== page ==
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Faith Leaders Nearly Unanimous In Condemning Assault On Capitol

A yellow banner that reads "JESUS SAVES" stands out in the pro-Trump mob outside the U.S. Capitol on Wednesday.
Tasos Katopodis
Getty Images
A yellow banner that reads "JESUS SAVES" stands out in the pro-Trump mob outside the U.S. Capitol on Wednesday.

Updated on Friday at 3:02 p.m.

As the pro-Trump mob stormed up the steps of the U.S. Capitol on Wednesday, a big yellow banner stood out among the blue Trump flags carried high by the throng: "JESUS SAVES." Nearby was another, with an even stranger message — "JESUS 2020" — as if the Lord himself had been a candidate in the disputed election.

Christian nationalism was one of the underlying themes of the nearly all-white insurrection at the Capitol, which also featured symbols of the Confederacy. For Robert P. Jones, CEO of the Public Religion Research Institute, the event represented an "unholy amalgamation of white supremacy and Christianity."

The connection was not surprising given the strong support for President Trump among white evangelicals. Most of the U.S. senators who objected to the certification of the Electoral College results for President-elect Joe Biden identify strongly with the conservative evangelical movement, and some evangelical Christian leaders have been prominent in the promotion of baseless allegations of widespread election fraud.

Among the attendees at the pro-Trump rally that preceded Wednesday's attack on the Capitol was Jack Hibbs, senior pastor at Calvary Chapel in Chino Hills, Calif. Though Hibbs did not participate in the storming of the Capitol, his condemnation of the violence was somewhat equivocal.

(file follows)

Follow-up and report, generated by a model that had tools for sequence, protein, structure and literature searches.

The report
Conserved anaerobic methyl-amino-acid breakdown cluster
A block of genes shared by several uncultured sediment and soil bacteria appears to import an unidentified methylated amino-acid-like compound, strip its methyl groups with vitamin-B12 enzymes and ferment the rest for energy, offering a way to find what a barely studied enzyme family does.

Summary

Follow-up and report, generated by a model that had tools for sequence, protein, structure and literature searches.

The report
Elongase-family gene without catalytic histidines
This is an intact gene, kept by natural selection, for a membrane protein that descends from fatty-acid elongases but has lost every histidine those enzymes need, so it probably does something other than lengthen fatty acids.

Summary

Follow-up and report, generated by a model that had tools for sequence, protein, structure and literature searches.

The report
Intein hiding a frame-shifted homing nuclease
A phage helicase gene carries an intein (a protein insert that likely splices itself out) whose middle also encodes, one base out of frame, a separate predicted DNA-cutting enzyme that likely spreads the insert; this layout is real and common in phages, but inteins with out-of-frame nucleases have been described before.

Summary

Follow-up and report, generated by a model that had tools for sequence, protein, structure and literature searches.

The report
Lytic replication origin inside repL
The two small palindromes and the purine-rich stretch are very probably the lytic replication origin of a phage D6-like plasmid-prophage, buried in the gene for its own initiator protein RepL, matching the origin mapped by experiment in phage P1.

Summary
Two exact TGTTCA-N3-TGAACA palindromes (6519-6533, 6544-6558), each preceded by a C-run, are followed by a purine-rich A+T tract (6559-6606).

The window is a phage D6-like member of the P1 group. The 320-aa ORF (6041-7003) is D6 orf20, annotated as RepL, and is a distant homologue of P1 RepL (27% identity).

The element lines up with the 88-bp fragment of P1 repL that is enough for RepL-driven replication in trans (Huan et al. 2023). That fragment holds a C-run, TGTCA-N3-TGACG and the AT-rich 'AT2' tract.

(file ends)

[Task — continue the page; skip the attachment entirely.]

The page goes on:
"This is what you get when you eject God from the courts and from the schools," Hibbs told Family Research Council president Tony Perkins, speaking on Perkins' radio show. Perkins himself, an ordained minister, had been among those whocalled for state legislatures to reject pro-Biden electors.

On his show, however, Perkins recognized that the violence at the Capitol tainted Christian involvement in the pro-Trump movement.

"I would be hard-pressed to find Bible-believing Christians that would be OK with what took place at the Capitol," Perkins said. "I think this sets us back in terms of addressing the concerns that endanger our republic."

Other evangelical Christian leaders were far more outspoken in their rejection of the attack on the Capitol and more willing to blame President Trump.

"I don't know the Jesus some have paraded and waved around in the middle of this treachery today," tweeted Beth Moore, well known in evangelical circles for her Bible studies. "They may be acting in the name of some other Jesus, but that's not the Jesus of the Gospels."

"It was a moral abomination incited by the president," said Russell Moore (not a relation), president of the Southern Baptist Convention's Ethics and Religious Liberty Commission, speaking Thursday to a group of religion journalists.

"Enough is enough—and indeed was enough a long time ago," Moore wrote on Wednesday in a commentary reacting to the day's events. "It will take decades to rebuild from the wreckage in this country. But, as Christians, we can start now — just by not being afraid to say what is objectively the truth. Joe Biden has been elected president."

In a follow-up tweet on Friday, Moore called on Trump to "step down and let our country heal."

Moore has been a regular critic of Trump, but some pro-Trump evangelical leaders broke with the president over his incitement of the attack on the Capitol.

Albert Mohler, president of the flagship seminary of the Southern Baptist Convention, created a stir last year when he announced he would be voting for Trump in spite of not doing so in 2016. Since the election, however, Mohler has been highly critical of Trump's behavior, and he made clear Wednesday that he blamed him for the attack on the Capitol.

"President Trump is responsible now for unleashing mayhem," he said.

In a podcast released Thursday, Mohler said he did not regret his vote, but he clearly distanced himself from the president.